Thursday, April 27, 2006


Java Kai, Kapa'a (Kauai), originally uploaded by dgans.

1. Equanimity doesn't know the difference between good news and bad news. They both have the potential to disrupt balance.

2. The past weeks have been full of exciting developments; there's been much to toast and celebrate. I've been happy, thrilled one day--and then the next day moody and petulant. Why? I’m getting what I want, right? Ah, the mysteries of Equanimity...

2. As yogis and dancers know, equanimity begins in the physical. Is it possible to have cerebral or emotional balance without first developing the physical side?

3. Equanimity is a "light" virtue. Wear it too heavily, push too hard to attain it, and you lose it.

4. In yoga, when practicing the tree, you focus on one point in front of you to keep your equilibrium. It works in life situations as well.

5. I need to be a tree more often.

6. Sometimes I think about what I'm going to say while other people are talking. That disrupts the equanimity of speech, the rightful balance between listening and speaking.

7. After two weeks of concerted effort, I got a little better at this. In return, I not only heard more, I felt more, I experienced more compassion.

7. Sometimes I sit at my desk too much. I forget to clean the house. I forget to go to the grocery store, or weed the garden, or walk down the street in the sunlight. Not good for equanimity.

8. I now have a kitchen timer next to my
computer. If I sit and write, write and sit too long, it goes off: bzzzz! Time to get up and see the day!

9. I waitressed a shift this week. It reminded me of the lessons in equanimity I've learned through my long career. There is the balance needed to hold a tray, to keep the pace of a meal flowing smoothly, but also the balance between serving, and accepting and respecting the service of others.

10. Some of the people I was waiting on didn't care about equanimity. They wanted what they wanted--now!

11. I mentally promised myself that I would never be one of those people who see what they want so vividly that they stop seeing anything else.

12. Drinking wine, as pleasant as it might be, is not always conducive to equanimity. Every few months I seem to be reminded of this again.

13. I found this quote from the little book Benedict's Way, which seems to describe true equanimity:

"No matter what kind of ruins you stand in, keep moving, keep doing what you must do, keep showing up every day."

Next week: My bugaboo--and Ben's: Order


TDharma said...

ah, nice post. I do find that one can develop equanimity in the mind/heart even if the body is 'off.' In fact, developing it mind-fully helps cope with the physical issues.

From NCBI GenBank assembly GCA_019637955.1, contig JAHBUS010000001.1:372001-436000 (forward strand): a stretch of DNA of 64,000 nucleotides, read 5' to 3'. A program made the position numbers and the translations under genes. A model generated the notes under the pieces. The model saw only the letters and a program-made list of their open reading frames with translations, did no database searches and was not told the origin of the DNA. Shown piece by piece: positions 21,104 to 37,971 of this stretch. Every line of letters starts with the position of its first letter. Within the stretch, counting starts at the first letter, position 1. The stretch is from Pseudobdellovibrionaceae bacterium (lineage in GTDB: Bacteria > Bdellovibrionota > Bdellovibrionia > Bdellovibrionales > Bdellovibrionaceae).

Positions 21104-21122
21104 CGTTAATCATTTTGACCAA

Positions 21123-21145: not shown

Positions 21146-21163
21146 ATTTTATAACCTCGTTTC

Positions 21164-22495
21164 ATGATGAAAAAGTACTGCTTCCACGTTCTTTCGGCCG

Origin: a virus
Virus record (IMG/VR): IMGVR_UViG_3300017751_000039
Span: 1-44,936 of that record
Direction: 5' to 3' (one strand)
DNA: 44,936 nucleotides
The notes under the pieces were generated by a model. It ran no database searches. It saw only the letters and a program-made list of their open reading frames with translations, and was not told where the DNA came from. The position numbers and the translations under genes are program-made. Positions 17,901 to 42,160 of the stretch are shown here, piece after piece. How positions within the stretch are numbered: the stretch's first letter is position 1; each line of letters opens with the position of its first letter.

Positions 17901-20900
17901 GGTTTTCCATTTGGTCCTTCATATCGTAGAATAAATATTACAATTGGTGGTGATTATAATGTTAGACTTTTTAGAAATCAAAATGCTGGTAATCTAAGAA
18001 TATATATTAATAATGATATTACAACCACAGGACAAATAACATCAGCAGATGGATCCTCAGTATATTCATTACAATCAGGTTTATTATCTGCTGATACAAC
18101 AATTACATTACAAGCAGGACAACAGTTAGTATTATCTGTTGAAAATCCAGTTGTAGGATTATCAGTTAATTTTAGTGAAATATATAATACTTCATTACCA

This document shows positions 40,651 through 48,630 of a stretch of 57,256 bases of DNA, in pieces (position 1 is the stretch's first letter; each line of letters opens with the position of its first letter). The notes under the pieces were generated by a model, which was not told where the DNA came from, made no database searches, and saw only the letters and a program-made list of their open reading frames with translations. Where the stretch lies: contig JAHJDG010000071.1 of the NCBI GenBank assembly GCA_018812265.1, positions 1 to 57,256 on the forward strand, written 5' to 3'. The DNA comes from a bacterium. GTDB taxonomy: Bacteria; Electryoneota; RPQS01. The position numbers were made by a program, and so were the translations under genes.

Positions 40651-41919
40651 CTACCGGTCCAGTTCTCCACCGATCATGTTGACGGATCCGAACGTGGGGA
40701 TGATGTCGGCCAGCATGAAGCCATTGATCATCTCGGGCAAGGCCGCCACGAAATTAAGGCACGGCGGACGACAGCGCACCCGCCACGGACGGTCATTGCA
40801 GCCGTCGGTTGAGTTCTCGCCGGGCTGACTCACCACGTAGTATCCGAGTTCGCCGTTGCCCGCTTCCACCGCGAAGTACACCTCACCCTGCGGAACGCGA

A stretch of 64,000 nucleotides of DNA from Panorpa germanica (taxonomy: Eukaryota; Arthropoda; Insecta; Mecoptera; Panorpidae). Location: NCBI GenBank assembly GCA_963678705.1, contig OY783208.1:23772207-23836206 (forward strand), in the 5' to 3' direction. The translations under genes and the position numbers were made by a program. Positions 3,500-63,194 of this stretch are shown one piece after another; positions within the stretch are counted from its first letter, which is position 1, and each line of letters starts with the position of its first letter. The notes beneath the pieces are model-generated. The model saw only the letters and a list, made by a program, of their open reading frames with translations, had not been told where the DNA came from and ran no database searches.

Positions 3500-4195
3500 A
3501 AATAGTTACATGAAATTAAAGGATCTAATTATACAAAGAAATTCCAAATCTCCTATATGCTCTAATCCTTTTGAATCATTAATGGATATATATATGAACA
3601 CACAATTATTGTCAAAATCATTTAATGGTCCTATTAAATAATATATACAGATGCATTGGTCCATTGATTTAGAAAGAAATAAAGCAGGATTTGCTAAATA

It just plain feels better to live in equanimity.

Thank you for a great post -- I've been eagerly anticipating it. You did not dissapoint!

Sky said...

ah...patry, this post is just perfect for me right now! thank you.

my body is needing equanimity and the pain is telling me so! i need yoga. why do i stop practicing this when i know how much it helps me? i need to stretch fully - need balance in my frame right now.

about listening...i am always into the next moment and diluting the present one this way. a good "heads up" for me. it is so disrespectful for me to do this to others and to myself. thanks!

Patry Francis said...

tdharma: Interesting perspective on the physical issues--that it doesn't matter where balance begins, it spreads to all parts of our being.

sky: I think you're a lot like me. Spring ahead; fall back. It's a recurrent pattern.

Lorna said...

equanimity is, I think, over-rated and too often proferred as a disguise for apathy. give me real outrage and imbalance any day. That is my knee-jerk, totally unequanimitous reaction

rdl said...

Liked this one alot and I especially liked walking in the sunlight in boston with you too.

Patry Francis said...

Lorna: Interesting perspective, but I still think outrage is more effective when tempered by equanimity.

rdl: and the cupie dolls!

MB said...

A very thought-provoking post, Patry. I take tdharma's point well. But I also think that, when one can, maintaining the body balance facilitates equanimity. Good food for thought for me.

Suzanne said...

I love that quote!

mar said...

wow, nice post!

Living Part Deux said...

SO much to chew on; a veritable feast. I especially liked your second number 7 entry. There I was, staring right back at myself from the computer screen - and there was the answer in number 8. Perfect idea! My favorite line: "but also the balance between serving, and at some later time, accepting and respecting the service of others." So true. I am inspired to better practice acute awareness of service - when I am sometimes preoccupied and do not extend the respect and acknowledgement that service deserves. Thank you.

pohanginapete said...

1. I think equanimity does know the difference between extremely good and extremely bad news — if it didn't, it wouldn't be equanimity, it'd be bloodless detachment.

2. Lorna has a good point, although apathy is not equanimity, even if claimed as such. One of the arts of being at home in yourself, I think, is balancing equanimity and passion without diminishing either. Succeed in that and the result is pure joy.

Marvellous, Patry. I'm so encouraged to hear about real efforts rather than just talk. It's that actions and words thing.